Editor's note: Thomas L. Kelly is an American photographer who has lived in Kathmandu for three decades; Liam Kelly, his son, was born in Nepal and is also a photographer.
In the aftermath of natural disasters, there are always some photographers who capture pictures of those suffering without their permission, taking away their dignity. I believe that with compassion and reciprocity, a photographer who is willing to stay and be a part of a place and its community can capture the depth of an authentic relationship.
When this encounter occurs, the camera is a tool for building resiliency, not for re-traumatizing.
Saturday's earthquake hit home for me, literally shaking our house and family on Saturday. As an American photojournalist based in Nepal for 30 years, I’ve documented development projects, politics and traditional heritage. But shooting the quake's aftermath is the first assignment I've ever done with my son Liam, 19, who was born in Nepal. We both speak Nepali and consider Kathmandu home. (Read Nepal's 8 Key Historic Sites: What's Rubble, What's Still Standing.)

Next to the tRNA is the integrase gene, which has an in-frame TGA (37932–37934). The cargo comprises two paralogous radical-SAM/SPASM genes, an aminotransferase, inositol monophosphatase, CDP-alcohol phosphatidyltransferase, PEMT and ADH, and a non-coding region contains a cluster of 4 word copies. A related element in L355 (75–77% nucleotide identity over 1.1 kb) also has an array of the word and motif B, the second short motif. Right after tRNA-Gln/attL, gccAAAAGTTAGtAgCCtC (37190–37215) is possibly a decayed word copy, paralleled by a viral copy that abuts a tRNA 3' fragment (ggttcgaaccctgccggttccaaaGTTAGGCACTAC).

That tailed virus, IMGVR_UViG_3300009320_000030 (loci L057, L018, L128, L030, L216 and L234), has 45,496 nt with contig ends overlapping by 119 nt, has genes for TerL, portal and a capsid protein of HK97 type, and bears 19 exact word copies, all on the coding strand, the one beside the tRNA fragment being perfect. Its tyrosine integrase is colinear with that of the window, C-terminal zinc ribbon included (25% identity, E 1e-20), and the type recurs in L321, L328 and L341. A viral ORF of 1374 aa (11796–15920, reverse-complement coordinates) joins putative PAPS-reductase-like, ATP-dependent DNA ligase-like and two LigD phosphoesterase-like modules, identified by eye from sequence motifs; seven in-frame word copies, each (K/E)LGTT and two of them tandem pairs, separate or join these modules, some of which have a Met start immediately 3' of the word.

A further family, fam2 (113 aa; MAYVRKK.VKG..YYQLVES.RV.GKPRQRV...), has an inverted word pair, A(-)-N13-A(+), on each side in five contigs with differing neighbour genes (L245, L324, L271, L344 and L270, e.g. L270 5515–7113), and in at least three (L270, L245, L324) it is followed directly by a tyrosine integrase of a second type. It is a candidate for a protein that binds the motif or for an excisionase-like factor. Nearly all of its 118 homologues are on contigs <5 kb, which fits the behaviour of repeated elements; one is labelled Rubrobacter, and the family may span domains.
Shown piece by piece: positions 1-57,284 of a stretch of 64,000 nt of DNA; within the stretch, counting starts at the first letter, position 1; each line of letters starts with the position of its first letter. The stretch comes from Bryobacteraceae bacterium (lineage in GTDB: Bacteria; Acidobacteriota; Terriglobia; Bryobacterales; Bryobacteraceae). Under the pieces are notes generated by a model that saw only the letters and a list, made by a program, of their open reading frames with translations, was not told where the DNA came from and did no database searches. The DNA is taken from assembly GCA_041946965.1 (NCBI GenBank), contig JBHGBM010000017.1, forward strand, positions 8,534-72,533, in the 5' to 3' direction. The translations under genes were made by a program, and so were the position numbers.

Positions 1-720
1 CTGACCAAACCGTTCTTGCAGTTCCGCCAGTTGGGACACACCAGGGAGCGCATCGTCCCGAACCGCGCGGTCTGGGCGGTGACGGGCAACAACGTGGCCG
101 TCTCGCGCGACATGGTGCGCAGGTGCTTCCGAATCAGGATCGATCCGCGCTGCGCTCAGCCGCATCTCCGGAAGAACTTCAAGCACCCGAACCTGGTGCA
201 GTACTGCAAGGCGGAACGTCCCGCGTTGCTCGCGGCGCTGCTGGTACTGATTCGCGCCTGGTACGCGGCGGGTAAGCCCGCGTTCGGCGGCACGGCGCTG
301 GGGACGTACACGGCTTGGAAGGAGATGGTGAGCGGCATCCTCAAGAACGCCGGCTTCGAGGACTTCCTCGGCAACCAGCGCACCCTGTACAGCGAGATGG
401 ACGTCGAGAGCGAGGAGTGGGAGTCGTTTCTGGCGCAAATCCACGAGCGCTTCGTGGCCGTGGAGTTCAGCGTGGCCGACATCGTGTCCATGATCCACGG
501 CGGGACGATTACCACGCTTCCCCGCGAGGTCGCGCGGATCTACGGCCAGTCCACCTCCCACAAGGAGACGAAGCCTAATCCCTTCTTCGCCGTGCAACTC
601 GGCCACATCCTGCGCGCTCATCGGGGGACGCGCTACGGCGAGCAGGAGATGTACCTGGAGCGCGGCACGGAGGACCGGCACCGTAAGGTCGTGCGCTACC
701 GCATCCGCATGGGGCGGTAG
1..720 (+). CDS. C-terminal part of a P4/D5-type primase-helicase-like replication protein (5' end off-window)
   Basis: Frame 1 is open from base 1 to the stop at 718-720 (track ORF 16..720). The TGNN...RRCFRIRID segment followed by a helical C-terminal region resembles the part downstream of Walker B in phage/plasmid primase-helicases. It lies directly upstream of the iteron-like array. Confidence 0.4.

My son and I are working on adrenaline. The irrevocable images of the dead pulled from the rubble, the crowded ghats of burning bodies, the destruction of precious heritage sites, combine in my mind and heart with the unity and service of Nepalese volunteers who poured in to help. Nepal’s mountains are some of the most precariously volatile and fragile in the world, resting on two tectonic plates, and yet Nepalese people are some of the most resilient. (See 20 Pictures That Reveal Nepal's Devastation).
Here are my and Liam's photos from the last four days.